In order for a muscle to contract, a message is sent from the brain to the spinal cord, and then from the spinal cord to the skeletal muscles. This is accomplished by an action potential which travels down the axon of the nerve. The nerve ends at an area called the synaptic knob, and this action potential causes the synaptic knob to release small diffusible chemical neurotransmitters into the synaptic cleft. The synaptic knob is rich in tiny vesicles containing neurotransmitters, and these vesicles are rich in acetylcholine in knobs innervating muscles. Acetylcholine is released into the synaptic cleft, and then meets the muscle at an invagination called the synaptic gutter. This acetylcholine then finds receptors on the muscle surface, which causes the muscle to become permeable to sodium ions, which result in membrane potential increases in the local area of the end plate, about 75 millivolts, creating a local potential called the end plate potential. This causes the muscle to contract.
Once this contraction takes place, the remaining acetylcholine in the cleft is destroyed by an enzyme called cholinesterase. The choline is reabsorbed by the pre-synaptic knob to be used again to synthesize acetylcholine. Thus, it is at this neuromuscular junction where acetylcholine causes its effect. The synaptic knobs have the capability of continually synthesizing new transmitter substance. This occurs mainly in the cytoplasm of the synaptic knobs, and then it is absorbed into tiny vesicles and stored as needed.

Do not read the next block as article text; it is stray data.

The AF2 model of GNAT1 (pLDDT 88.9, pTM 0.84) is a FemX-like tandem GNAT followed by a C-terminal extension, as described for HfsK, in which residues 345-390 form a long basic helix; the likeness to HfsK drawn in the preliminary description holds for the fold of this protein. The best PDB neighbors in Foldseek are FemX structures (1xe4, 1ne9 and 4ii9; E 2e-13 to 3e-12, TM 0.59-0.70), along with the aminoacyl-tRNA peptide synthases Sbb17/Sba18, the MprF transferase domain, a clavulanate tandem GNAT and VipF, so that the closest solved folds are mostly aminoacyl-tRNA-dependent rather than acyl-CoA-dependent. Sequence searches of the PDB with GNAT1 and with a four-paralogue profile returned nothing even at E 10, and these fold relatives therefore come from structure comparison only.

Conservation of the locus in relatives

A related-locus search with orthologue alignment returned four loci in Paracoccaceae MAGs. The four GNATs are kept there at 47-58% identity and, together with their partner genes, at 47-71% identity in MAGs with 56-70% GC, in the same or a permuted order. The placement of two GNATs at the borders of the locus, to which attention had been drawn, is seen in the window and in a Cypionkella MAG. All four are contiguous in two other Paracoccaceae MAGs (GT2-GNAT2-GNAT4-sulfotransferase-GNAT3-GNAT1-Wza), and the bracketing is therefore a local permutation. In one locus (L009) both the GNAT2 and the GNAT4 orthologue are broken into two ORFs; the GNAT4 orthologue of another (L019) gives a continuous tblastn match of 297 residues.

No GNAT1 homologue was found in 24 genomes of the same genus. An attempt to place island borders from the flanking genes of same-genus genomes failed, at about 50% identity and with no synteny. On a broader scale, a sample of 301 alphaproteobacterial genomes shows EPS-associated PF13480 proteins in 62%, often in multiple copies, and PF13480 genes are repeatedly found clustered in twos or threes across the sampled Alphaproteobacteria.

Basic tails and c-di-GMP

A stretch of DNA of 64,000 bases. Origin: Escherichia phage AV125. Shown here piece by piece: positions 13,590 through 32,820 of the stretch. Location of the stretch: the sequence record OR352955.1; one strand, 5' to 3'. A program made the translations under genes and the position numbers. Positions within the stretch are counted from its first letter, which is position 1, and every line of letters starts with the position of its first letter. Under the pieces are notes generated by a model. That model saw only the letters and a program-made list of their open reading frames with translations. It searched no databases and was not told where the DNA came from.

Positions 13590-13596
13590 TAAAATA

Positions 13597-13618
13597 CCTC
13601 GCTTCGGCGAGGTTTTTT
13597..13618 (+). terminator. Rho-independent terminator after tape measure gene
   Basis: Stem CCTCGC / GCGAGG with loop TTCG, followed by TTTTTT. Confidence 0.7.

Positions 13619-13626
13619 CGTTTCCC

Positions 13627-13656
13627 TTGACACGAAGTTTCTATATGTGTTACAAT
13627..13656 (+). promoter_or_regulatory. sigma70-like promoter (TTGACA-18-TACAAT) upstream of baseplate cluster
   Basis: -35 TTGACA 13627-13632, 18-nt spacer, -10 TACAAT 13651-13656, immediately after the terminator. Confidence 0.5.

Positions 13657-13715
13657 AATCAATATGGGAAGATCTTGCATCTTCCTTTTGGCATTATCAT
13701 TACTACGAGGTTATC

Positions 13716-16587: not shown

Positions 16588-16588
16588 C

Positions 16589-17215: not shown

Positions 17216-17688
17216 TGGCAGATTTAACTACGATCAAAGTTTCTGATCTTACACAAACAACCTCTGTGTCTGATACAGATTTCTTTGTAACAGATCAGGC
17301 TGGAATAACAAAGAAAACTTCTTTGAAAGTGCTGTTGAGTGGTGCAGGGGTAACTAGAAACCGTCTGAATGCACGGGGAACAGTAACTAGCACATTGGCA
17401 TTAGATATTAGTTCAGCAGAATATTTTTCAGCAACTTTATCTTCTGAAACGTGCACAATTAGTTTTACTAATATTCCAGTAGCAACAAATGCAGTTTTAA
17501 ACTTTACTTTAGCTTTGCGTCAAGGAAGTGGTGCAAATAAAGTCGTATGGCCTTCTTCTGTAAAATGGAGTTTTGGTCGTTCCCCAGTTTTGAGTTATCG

It can be seen that neurotransmission at neuromuscular junctions is a complicated process affected by many factors including the biosynthesis of the neurotransmitter, storage of the neurotransmitter, release of the neurotransmitter, interaction of the neurotransmitter with receptors on effector cells, and termination of neurotransmitter activity by reuptake and/or metabolic processes.
The process is further complicated by the interactions among neurotramsmitters in the sympathetic and parasympathetic nervous systems. As described above, cholinergic neurons act at the myoneural junction and cause skeletal muscle contraction through the action of chemical mediators such as acetylcholine at synapses in the parasympathetic nervous system. In the sympathetic (autonomic) nervous system, adrenergic neurons employ other neurotransmitters at smooth muscle junctions, e.g., norepinephrine, epinephrine, dopamine, and serotonin. Norepinephrine is a mediator of activity at most postganglionic sympathetic endings in the autonomic nervous system. Neurotransmitters of the adrenergic neurons enhance neurotransmitters at the myoneural junction, e.g., acetylcholine release. Thus, epinephrine, an adrenergic catecholamine, can affect muscle contraction by enhancing the release and effects of acetylcholine at the myoneural junction.